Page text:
Consider this anecdote from the back pages of Neil Gaiman’s Coraline, in which the author discusses the conception of his titular heroine. When asked how he came up with such an odd name, Gaiman replied:

It was from typing “Caroline” and it coming out wrong. Larry Niven, the science fiction author, said in an essay that writers should treasure their typing mistakes. Once I typed it, I knew it was somebody’s name, and I wanted to know what happened to her.

I recently discovered it was actually a real name, although it’s not been used much in English-speaking countries for a long time. And, at the turn of the last century, it was a name for a brand of corset.

As you can see, Gaiman did not (at least, initially) pore over books and websites, ensuring his character’s name was pitch-perfect. The name simply struck him as perfect on an instinctual level. Indeed, it does work quite well for this character, who is both of a special mind and somewhat ignored/outcast simultaneously—qualities summed up neatly in her exotic yet unused and forgotten name. His gut told him that Coraline was the correct choice, and he went with it.

Now, consider the alternative: what if Gaiman had called his character Mary, which I feel bears opposite signifiers to Coraline—a fairly popular name, but an ostensibly boring one by today’s standards? For one, the book’s title wouldn’t be near as interesting; for two, Coraline does not embody certain Mary-like traits (for me, I think of timidity coupled with general niceness and perhaps a smidge of insecurity); thus, calling this character Mary would effectively change who Coraline is.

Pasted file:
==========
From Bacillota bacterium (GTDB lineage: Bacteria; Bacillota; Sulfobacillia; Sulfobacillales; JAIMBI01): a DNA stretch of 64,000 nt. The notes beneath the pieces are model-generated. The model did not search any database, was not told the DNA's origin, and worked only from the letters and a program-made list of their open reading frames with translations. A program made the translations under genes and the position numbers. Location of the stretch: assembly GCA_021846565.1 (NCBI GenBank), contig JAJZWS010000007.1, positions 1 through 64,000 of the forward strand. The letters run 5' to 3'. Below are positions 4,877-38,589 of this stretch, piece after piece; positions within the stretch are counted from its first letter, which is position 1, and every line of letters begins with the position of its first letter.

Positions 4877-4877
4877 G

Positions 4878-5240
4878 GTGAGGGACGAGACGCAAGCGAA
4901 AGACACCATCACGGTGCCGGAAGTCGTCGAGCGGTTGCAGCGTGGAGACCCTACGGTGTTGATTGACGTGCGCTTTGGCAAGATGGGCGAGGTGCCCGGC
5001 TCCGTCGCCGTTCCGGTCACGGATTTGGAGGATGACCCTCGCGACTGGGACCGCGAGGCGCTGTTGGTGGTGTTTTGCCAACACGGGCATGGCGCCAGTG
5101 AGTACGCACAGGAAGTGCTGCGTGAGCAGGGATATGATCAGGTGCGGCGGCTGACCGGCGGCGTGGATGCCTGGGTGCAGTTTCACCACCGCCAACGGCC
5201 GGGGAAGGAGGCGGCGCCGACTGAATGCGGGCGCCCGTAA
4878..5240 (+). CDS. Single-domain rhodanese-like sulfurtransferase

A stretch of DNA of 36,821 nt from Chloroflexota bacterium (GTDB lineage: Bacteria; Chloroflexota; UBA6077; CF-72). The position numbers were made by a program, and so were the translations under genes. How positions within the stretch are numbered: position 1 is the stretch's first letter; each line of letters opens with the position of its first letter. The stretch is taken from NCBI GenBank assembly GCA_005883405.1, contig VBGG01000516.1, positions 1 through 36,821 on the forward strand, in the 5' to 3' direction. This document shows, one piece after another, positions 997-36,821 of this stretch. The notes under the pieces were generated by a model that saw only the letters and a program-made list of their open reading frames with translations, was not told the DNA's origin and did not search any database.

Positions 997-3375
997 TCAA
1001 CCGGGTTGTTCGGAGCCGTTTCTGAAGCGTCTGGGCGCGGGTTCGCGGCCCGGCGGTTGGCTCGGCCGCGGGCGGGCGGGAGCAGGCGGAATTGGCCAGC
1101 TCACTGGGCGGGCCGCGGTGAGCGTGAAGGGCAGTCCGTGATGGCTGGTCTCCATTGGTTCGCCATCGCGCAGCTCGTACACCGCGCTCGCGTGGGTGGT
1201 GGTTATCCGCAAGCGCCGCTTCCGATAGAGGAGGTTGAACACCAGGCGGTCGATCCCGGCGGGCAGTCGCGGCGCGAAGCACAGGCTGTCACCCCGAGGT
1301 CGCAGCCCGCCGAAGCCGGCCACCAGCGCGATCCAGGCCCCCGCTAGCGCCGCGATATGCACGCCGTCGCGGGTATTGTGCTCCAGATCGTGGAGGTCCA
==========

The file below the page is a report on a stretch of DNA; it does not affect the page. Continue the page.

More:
In short, even if you don’t dig into the deepest wells of a name’s history, at least make sure that it feels right. Because if it’s true we share a collective conscious where names are concerned, the worst thing you can do as a writer is incorrectly christen your character. Readers will see right through the falseness; they’ll say, “This Mary girl doesn’t act like a Mary at all; seems more like a Coraline to me.”


What links do you go to when naming your characters? Are you a researcher/seeker of hidden meanings, or do you just shoot from the hip? Also, what are your impressions of names like Chad and Mary? Do you share my same perceptions, or are they vastly different? Let us know what you think in the comments below.

About the author

Christopher Shultz writes plays and fiction. His works have appeared at The Inkwell Theatre's Playwrights' Night, and in Pseudopod, Unnerving Magazine, Apex Magazine, freeze frame flash fiction and Grievous Angel, among other places. He has also contributed columns on books and film at LitReactor, The Cinematropolis, and Tor.com. Christopher currently lives in Oklahoma City. More info at christophershultz.com